A coalition of more than 20 children's health, privacy and consumer groups urges the Federal Trade Commission to investigate whether YouTube violates a federal law protecting children on the Internet.
Groups are expected to file a complaint with the FTC on Monday. In accordance with the relevant federal law, the Children's Online Privacy Protection Act (COPPA), website operators must obtain permission from parents to collect personal information from children under the age of 13.
The complaint alleges that a significant portion of the popular content is designed on YouTube For children whose personal information – including IP address, geolocation and persistent identifiers to track users on various websites ̵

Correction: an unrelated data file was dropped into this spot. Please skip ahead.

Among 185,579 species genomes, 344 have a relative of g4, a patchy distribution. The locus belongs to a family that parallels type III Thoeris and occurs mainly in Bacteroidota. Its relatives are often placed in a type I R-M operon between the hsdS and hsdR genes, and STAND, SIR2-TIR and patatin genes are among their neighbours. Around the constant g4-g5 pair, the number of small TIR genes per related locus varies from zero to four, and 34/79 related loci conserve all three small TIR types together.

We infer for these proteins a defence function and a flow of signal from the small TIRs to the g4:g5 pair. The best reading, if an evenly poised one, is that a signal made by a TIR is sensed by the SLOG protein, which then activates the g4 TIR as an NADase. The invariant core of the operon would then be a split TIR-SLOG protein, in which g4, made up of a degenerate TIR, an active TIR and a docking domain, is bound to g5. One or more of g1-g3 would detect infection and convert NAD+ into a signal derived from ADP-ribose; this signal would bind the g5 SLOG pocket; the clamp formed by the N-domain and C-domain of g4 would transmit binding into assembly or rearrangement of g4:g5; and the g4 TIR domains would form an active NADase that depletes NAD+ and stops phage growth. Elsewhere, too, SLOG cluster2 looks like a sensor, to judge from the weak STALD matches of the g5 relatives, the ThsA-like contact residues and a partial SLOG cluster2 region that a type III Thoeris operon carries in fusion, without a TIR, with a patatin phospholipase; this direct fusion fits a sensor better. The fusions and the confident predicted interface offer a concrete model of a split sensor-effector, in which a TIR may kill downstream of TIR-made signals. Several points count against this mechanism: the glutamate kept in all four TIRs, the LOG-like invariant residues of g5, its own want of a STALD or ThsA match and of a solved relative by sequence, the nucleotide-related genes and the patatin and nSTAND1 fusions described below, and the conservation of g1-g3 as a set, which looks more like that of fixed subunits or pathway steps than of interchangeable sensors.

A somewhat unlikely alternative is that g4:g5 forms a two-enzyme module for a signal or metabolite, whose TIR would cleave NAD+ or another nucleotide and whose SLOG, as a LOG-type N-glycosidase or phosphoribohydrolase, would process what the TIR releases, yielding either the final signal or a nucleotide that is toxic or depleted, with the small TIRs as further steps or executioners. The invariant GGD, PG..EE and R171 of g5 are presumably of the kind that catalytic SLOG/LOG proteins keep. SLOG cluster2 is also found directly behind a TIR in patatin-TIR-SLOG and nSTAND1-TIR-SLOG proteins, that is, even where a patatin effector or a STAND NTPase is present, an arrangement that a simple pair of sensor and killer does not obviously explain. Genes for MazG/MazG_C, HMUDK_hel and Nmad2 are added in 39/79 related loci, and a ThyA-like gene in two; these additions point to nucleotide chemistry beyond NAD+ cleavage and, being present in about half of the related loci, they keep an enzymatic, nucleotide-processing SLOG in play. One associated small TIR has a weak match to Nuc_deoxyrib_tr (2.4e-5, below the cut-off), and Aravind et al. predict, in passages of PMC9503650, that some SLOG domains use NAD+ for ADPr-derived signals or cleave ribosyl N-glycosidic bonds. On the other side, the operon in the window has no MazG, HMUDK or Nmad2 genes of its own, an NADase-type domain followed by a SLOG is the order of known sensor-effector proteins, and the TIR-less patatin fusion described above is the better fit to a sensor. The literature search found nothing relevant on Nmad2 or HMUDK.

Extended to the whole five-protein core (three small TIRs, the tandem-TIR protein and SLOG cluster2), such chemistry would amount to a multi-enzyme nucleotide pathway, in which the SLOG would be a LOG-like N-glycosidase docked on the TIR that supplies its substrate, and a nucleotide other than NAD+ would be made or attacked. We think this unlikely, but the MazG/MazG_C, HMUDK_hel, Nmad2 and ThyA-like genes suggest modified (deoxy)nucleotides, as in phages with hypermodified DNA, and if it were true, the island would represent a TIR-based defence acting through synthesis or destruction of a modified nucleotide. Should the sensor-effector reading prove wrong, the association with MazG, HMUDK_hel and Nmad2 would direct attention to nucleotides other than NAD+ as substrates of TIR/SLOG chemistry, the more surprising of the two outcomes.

1; is collected by Google unlawfully and then for the Alignment of ads can be used.
The complaint follows reports to which YouTube creators align children with disturbing videos, including some children in abusive situations. On Friday, BuzzFeed said the company will offer YouTube Kids a safer, more humane option for users under the age of 13.
But the complaint to the FTC argues that most children do not see YouTube Kids, which was launched in 2015. They see the same YouTube channel as the rest of us – and the company is aware of that, says Josh Golin, managing director of the Center for a Commercial Free Childhood, a nonprofit organization behind the complaint. The company could have moved popular children's content such as Peppa Pig or Sesame Street to YouTube Kids, says Golin, rather than leaving videos exposing "children's data collection practices and a click away from really disturbing content for children. "Human curation may be a good first step, but it is changing into
The YouTube Kids app does not relieve Google of its responsibility to the millions of children who use the main YouTube site, "explains Golin.